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A landscape architectural approach to securing water supply for cities and their hinterland

As a landscape researcher with a keen interest in water systems and ecology I have been following the news on increasing water shortages (and paradoxically, but not surprisingly often also increased flood risk) in and around cities worldwide with a growing sense of alarm. At the same time wondering what can be done about it with an integrated spatial, landscape ecological/architectural approach. While collaborating in the Home at Work project, a research on improving live- work environment of communities in peri-urban industrial area’s in Bandung Indonesia, I started researching the over exploitation of water resources and declining water supply more intense. In recent years making cities more flood proof has become an important topic for (landscape) architects and planners, but an integrated approach to sustainable fresh water supply and hydrology not yet. In this blog I write about the causes, problems and possible solutions from a landscape architectural and ecological point of view. In particular looking at the spatial dimension of water stress. How can we (re-) shape our cities and landscapes to alleviate water shortages? Sharing our knowledge may help us built water secure livable cities and regenerate our ecosystems.

Just a few numbers on increasing water stress 

  • According to UN research global water demand can outpace supply by 30% in 2030
  • China houses 20% of the world population (with around 50% living in cities) and only 6% of the worlds water supply. (FAQ AQUASTAT, 2008-2012)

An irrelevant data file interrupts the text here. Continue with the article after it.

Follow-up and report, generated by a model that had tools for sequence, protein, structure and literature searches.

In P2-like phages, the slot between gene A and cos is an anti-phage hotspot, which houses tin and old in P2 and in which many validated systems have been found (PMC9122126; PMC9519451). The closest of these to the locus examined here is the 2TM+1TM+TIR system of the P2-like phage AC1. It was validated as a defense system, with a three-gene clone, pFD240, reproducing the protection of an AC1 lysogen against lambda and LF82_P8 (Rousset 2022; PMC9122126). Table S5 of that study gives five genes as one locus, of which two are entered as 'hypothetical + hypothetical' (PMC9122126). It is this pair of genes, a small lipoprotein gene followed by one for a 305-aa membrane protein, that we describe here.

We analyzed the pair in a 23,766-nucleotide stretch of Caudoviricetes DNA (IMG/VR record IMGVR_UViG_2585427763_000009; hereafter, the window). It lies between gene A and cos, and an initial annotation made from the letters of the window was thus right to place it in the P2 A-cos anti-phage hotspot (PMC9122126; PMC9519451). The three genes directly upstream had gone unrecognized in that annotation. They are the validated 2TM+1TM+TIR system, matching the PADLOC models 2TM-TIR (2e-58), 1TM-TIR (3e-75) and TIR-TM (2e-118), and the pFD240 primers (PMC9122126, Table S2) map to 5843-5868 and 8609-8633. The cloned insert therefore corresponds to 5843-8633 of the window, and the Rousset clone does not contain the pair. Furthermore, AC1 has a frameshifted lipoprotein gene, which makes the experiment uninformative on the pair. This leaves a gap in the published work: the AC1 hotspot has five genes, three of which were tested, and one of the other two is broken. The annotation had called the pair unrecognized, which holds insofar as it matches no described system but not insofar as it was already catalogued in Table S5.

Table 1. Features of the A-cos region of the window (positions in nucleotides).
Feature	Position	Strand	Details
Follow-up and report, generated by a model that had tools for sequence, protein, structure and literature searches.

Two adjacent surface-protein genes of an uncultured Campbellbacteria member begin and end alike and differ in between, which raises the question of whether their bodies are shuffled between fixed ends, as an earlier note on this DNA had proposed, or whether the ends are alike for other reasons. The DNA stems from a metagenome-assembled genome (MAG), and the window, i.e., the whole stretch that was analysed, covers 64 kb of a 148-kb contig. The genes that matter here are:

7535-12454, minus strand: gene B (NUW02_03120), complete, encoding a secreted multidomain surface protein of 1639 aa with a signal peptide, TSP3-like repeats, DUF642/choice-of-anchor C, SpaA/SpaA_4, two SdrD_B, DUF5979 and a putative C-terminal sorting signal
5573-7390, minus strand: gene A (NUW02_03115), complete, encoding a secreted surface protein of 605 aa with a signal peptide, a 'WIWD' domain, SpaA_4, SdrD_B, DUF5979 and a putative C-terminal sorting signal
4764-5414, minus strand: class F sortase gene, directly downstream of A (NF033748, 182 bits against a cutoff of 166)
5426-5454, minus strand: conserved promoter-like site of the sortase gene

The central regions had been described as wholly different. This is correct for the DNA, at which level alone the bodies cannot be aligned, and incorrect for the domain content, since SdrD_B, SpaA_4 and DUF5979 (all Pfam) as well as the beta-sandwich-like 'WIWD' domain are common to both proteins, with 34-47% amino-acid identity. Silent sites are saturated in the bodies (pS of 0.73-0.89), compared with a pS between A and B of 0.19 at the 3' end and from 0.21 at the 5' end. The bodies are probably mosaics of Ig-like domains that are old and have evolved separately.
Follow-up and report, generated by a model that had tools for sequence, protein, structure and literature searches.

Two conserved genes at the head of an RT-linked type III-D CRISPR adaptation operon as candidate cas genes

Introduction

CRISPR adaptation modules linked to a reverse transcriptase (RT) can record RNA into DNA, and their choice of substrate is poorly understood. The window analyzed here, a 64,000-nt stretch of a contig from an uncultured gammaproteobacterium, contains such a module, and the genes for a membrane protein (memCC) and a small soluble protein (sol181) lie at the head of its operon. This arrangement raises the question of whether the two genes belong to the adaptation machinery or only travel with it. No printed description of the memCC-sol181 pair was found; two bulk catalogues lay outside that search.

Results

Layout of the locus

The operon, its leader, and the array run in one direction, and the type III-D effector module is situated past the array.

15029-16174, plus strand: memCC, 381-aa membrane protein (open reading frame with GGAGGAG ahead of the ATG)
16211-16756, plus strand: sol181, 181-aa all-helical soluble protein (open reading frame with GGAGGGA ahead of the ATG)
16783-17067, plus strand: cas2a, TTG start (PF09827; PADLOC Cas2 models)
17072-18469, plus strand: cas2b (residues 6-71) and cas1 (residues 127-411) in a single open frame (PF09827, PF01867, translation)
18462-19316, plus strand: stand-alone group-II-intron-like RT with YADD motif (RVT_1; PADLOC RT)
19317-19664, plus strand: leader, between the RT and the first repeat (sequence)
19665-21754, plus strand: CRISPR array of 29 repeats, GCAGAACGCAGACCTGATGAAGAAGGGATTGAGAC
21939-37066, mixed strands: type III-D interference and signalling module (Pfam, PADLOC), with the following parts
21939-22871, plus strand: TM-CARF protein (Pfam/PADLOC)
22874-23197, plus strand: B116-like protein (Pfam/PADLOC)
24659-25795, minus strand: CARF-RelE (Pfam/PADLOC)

• The Greater Los Angeles watershed is able to support at most 1 million people; the area currently has a population of over 18 million people
  • California only reuses 7% of it’s waste water;  Singapore reuses 30%
  • Andalusie Spain abstracts 64% more groundwater each year than is replenished

water_stress_world_map_large

In upcoming blogs I will elaborate on;

  • Bad practices; water stress in different urban area’s world wide (a.o. Bandung – Indonesia, Hong Kong & Macau / Pearl River Delta – China, California -USA, Andalusia – Spain)
  • Best Practices; Cities with smart fresh water strategies (Singapore, Chennai India)
  • Rainwater harvesting & groundwater recharge systems
  • Learning from the past; Smart ancient fresh water management systems (a.o. rainwater harvesting & groundwater recharge ‘temples’ in Gurajut India)

 

A landscape architectural approach to securing water supply for cities and their hinterland As a landscape researcher with a keen interest in water systems and ecology I have been following the news on increasing water shortages (and paradoxically, but not surprisingly often also increased flood risk) in and around cities worldwide with a growing sense of […]